- Associated Press - Thursday, June 12, 2014

CHARLESTON, Mo. (AP) - Three years after 130,000 acres of southeast Missouri was swamped when the government blasted three holes in a Mississippi River levee, part of the area has recovered from the flood, and part of it never will.

It was at the height of the 2011 flood, with water so high that nearby Cairo, Illinois, was threatened, that the Army Corps of Engineers decided to allow water into the spillway surrounded by Birds Point levee in Mississippi County. The strategy worked: Cairo was saved.

But several Missouri homes were destroyed, along with tens of thousands of acres of rich farmland.

The Southeast Missourian (https://bit.ly/1oh6fhK ) reports that the farmland is fertile again, with Mississippi County showing acres of golden wheat with stubby green corn stalks and growing soybean sprouts. But the tiny community of Pinhook is extinct, and residents say they received no financial assistance from the government.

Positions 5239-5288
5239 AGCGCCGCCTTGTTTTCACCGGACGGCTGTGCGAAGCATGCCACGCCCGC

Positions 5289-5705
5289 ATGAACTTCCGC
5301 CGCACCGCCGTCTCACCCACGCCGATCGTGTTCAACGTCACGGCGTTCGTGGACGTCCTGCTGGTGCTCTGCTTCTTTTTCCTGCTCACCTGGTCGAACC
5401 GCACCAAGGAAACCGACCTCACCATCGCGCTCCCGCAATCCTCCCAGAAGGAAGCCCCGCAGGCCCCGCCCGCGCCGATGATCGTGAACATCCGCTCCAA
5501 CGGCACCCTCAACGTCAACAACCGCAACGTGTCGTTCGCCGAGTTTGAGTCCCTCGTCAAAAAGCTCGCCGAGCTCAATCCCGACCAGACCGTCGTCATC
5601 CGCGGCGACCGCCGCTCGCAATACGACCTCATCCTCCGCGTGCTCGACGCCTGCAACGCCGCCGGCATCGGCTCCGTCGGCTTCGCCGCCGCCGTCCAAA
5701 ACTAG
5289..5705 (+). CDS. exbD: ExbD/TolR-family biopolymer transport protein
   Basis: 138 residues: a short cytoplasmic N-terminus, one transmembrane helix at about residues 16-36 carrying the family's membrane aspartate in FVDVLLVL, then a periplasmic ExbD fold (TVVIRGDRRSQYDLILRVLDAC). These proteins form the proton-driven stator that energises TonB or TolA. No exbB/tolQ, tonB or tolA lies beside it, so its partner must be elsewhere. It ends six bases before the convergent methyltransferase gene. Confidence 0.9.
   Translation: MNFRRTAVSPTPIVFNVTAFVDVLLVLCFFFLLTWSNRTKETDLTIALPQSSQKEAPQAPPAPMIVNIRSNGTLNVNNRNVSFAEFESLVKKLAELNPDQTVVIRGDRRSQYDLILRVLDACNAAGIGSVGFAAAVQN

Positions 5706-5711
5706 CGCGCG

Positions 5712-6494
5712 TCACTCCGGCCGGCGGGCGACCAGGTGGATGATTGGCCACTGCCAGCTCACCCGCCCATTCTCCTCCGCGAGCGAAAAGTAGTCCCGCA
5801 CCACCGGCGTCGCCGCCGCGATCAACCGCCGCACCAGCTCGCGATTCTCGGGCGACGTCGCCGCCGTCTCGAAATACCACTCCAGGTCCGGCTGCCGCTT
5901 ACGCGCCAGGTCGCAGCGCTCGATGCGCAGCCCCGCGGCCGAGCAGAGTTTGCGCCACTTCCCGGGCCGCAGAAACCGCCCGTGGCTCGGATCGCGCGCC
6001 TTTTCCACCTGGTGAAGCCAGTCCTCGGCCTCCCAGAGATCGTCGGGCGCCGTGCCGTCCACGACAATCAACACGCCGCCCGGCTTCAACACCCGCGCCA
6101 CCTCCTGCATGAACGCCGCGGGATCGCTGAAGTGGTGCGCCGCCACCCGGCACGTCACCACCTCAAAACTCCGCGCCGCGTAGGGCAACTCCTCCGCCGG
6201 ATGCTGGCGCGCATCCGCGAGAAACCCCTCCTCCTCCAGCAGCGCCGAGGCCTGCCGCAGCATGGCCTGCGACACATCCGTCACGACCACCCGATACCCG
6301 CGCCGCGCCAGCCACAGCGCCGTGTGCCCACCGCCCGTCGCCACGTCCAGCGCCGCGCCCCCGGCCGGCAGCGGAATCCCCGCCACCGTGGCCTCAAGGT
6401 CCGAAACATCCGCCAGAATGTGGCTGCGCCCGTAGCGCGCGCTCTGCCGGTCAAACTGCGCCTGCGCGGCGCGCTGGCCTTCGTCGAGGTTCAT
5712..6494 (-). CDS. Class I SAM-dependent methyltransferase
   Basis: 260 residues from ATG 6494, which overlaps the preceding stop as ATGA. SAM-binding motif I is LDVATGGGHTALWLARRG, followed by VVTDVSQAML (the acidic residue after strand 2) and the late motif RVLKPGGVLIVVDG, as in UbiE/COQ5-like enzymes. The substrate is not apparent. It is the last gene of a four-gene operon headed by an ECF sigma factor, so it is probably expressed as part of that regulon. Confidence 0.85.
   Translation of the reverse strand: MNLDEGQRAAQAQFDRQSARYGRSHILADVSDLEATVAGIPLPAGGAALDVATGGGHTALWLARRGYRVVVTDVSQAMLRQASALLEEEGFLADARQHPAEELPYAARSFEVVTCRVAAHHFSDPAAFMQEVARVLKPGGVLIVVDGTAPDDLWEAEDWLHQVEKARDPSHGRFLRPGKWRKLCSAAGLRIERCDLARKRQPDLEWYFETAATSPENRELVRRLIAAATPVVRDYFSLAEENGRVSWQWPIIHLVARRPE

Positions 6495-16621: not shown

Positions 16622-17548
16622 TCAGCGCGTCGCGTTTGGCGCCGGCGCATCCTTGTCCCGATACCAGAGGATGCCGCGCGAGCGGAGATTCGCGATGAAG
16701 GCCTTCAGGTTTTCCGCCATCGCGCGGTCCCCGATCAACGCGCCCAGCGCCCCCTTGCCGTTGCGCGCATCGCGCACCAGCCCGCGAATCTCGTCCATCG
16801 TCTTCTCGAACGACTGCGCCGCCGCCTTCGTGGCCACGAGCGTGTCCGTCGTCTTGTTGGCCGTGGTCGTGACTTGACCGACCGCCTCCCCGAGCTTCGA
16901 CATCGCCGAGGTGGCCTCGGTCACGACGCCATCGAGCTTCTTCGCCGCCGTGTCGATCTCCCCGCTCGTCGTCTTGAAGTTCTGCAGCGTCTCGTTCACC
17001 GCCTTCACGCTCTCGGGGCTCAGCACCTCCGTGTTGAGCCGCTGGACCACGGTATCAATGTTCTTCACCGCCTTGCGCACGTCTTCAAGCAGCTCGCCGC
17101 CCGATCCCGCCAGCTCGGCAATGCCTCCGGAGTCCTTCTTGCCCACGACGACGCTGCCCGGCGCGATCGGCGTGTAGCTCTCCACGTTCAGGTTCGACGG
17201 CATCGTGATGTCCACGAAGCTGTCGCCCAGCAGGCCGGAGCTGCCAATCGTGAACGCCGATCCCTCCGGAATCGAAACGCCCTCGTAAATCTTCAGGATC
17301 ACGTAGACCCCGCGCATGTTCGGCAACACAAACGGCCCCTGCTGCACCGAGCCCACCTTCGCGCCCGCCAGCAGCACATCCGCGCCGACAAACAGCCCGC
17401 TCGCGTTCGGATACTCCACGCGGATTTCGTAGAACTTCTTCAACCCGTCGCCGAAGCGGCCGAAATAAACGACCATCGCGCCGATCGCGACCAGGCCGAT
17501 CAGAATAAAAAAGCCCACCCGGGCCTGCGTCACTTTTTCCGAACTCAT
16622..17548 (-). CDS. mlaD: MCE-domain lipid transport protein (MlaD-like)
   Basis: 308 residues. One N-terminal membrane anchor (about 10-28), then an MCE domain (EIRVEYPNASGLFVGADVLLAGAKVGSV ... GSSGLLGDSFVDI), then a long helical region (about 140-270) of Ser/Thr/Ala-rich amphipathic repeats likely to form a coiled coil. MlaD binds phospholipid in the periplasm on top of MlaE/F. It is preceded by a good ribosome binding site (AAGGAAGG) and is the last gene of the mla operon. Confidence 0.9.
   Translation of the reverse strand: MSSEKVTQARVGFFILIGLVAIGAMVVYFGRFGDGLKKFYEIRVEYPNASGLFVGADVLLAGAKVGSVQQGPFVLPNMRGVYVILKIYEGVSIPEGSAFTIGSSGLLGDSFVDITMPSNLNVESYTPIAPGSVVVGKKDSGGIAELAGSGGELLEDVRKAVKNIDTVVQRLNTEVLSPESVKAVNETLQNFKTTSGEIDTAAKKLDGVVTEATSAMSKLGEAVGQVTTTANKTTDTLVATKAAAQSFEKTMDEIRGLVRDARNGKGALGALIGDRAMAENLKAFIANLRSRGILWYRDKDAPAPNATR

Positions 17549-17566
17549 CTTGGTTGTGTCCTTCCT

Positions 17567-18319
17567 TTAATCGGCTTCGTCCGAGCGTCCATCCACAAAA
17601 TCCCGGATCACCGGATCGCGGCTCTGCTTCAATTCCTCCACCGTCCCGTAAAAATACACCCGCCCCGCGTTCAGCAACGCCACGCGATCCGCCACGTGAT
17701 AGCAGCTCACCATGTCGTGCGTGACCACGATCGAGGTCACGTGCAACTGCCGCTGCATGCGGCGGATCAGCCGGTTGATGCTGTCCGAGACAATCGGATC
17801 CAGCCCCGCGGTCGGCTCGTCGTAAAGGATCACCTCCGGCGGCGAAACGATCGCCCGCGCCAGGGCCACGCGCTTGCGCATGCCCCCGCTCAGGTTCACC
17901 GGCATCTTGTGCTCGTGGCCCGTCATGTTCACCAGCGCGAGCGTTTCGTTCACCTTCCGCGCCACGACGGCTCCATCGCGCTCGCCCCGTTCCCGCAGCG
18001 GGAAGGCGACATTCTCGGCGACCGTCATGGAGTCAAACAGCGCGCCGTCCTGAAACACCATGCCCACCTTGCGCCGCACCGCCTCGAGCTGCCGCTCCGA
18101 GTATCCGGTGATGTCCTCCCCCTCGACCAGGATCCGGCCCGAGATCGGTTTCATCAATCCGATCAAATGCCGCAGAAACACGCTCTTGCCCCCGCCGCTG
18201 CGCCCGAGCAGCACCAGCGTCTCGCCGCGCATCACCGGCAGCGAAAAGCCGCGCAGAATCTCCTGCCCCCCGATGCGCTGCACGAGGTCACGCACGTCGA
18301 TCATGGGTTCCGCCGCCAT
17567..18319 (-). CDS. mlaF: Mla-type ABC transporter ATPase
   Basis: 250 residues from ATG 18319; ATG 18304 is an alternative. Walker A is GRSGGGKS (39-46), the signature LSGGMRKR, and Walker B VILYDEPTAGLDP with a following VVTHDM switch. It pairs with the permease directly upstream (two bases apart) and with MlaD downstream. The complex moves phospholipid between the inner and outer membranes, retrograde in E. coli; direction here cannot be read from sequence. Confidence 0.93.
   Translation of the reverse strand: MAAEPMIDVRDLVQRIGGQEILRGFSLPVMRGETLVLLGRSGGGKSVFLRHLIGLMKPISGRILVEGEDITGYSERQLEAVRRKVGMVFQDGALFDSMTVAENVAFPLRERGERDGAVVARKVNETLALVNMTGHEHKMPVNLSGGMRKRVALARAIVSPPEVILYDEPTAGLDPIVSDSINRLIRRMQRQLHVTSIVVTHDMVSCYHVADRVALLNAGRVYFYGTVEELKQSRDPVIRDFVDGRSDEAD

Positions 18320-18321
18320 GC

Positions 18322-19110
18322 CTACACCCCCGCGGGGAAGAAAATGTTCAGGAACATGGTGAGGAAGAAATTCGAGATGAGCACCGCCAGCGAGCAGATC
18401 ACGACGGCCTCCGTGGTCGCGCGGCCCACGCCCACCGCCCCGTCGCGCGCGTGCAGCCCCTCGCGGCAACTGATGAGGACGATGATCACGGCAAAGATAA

Third-generation farmer Pete Story vividly recalls the damage. Roofs of homes breaking through the surface of a lake. Drowning farm equipment. Men on boats surveying the damage. Stranded wildlife on a front porch.

The floodwaters took about one month to recede, damaging Story’s office building and farm equipment. The wheat and corn he had planted on his 2,300 acres were gone.

“And I was just one of the many,” he said.

About 1,500 acres of farmland were destroyed by several feet of sand, ruts and erosion.

“This wasn’t just about flooded farmland. It was about the two biggest crop-producing counties in the state,” said U.S. Rep. Jason Smith, whose district covers southeast Missouri.

Some local leaders had urged the federal agency to activate the floodway by lowering an 11-mile stretch of the levee by one foot rather than the purposeful breach. But Corps spokesman Jim Pogue said that such “natural overtopping would not give us the necessary drop in the river levels that we would need.”

Before 2011, the levee was last activated during the historic flooding of 1937.


Information from: Southeast Missourian, https://www.semissourian.com



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